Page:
Weight Training May Combat Childhood Obesity
Resistance Training May Prevent More Weight Gain in Young Obese Children
WebMD News Archive
June 2, 2005 - Adding resistance or weight training to the exercise routine
of obese children may help them overcome the battle of the bulge, a new study
Researchers found that obese young children who participated in a supervised
weight-training program built muscle strength and avoided the weight gain their
They say the findings add support to the idea of using weight training to
treat and prevent childhood obesity, which has been a topic of debate in recent
years. Traditionally, calorie-burning endurance training programs, which
include any aerobic activity such as jogging, swimming, and brisk walking, have
been the intervention of choice for treating childhood obesity.
Weight Training May Help Obese Children
In the study, researchers looked at the effects of weight training on the
strength and body composition of a group of obese children aged 7 to 11.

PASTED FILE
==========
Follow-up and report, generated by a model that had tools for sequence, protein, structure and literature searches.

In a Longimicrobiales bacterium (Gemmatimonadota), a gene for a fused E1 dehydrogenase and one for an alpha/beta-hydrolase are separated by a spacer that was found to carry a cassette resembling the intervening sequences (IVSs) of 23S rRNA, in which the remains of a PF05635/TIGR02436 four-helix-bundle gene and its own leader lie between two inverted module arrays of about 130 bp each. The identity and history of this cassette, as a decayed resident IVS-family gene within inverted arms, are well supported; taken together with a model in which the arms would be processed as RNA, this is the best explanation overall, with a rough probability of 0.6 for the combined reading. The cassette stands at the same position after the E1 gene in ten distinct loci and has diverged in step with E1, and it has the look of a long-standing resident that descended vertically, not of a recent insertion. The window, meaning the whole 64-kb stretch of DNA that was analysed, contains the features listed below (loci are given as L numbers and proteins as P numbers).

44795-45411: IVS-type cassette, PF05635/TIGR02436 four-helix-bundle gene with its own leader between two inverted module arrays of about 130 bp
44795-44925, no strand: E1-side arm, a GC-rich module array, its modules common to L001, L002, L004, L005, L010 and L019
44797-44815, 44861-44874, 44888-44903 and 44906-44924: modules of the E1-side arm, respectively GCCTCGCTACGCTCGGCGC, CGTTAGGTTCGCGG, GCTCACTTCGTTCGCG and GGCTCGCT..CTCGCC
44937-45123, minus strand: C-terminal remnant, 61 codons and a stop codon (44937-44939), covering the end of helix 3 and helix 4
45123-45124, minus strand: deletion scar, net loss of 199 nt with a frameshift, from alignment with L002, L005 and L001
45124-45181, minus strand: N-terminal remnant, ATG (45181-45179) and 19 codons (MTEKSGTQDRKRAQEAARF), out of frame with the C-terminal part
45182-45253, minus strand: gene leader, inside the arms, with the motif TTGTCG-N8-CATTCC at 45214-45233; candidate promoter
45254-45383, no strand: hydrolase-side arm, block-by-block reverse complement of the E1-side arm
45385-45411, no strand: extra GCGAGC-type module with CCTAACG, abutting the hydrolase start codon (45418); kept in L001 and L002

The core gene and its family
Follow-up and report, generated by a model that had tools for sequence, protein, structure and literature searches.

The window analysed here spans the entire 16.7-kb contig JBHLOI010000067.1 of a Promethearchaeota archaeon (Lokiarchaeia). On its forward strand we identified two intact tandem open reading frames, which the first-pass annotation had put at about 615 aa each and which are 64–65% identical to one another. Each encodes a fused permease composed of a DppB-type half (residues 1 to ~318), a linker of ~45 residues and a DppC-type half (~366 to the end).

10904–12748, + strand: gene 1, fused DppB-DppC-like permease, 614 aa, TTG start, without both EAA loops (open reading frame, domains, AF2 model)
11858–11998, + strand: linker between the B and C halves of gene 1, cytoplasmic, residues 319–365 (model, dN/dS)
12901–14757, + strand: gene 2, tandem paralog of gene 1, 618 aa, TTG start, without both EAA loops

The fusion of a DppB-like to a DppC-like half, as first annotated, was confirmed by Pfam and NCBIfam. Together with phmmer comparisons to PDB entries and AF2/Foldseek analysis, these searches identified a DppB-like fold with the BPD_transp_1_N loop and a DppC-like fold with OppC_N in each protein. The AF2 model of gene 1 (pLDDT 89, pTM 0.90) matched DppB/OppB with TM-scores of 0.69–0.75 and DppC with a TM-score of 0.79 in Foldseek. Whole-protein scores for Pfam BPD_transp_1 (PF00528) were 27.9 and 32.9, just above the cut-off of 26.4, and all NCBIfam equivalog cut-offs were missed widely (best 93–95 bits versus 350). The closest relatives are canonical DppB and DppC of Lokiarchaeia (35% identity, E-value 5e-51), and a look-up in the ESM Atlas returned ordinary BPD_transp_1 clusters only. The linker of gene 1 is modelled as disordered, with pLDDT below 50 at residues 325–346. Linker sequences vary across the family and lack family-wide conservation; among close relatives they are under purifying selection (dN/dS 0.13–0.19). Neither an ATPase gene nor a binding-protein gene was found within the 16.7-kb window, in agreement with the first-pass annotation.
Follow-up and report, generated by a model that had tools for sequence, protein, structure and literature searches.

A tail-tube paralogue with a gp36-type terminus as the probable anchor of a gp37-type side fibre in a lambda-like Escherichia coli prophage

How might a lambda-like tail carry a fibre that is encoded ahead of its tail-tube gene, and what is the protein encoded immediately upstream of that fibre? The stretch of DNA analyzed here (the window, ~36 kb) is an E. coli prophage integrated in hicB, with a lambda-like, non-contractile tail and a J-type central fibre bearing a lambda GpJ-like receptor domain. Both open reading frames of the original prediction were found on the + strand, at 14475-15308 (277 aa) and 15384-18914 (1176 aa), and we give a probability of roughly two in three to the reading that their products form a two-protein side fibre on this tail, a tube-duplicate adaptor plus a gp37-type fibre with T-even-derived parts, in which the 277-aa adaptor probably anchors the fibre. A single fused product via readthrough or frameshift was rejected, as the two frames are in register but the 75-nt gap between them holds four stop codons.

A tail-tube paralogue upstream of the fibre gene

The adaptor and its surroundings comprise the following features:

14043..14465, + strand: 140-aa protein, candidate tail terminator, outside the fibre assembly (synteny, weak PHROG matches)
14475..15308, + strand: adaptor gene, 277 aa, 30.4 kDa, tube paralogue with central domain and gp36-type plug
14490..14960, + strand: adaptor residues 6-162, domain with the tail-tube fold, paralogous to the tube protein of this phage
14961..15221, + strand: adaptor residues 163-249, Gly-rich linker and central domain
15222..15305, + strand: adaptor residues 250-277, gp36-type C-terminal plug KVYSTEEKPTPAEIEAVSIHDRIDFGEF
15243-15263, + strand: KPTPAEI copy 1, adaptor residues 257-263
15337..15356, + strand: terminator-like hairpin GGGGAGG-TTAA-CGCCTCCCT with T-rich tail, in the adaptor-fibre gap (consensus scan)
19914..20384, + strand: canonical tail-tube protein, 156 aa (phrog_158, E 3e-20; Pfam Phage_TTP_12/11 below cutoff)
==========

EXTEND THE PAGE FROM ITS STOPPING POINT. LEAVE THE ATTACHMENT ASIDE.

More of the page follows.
Half of the children participated in a 10-week, supervised,
progressive-resistance weight-training program three times a week, which
consisted of leg presses, leg curls, chest presses, overhead presses, bicep
curls, front pulldowns, and seated rows. The other half served as a comparison
group and did not do any weight training.
The results were presented this week at a meeting of the American College of
Sports Medicine in Nashville.
The study showed that children who participated in the weight-training group
experienced a significant increase in muscle strength while the comparison
group had no such increase.
Although the fat mass of the children in the weight-training group did not
change significantly during the course of the study, the children in the
comparison group gained an average of more than 2 1/2 pounds of fat during the
The ACSM recommends that all youth strength training programs be closely
supervised and have knowledgeable instructors who understand the uniqueness of
SOURCES: American College of Sports Medicine Annual Meeting, June 2, 2005,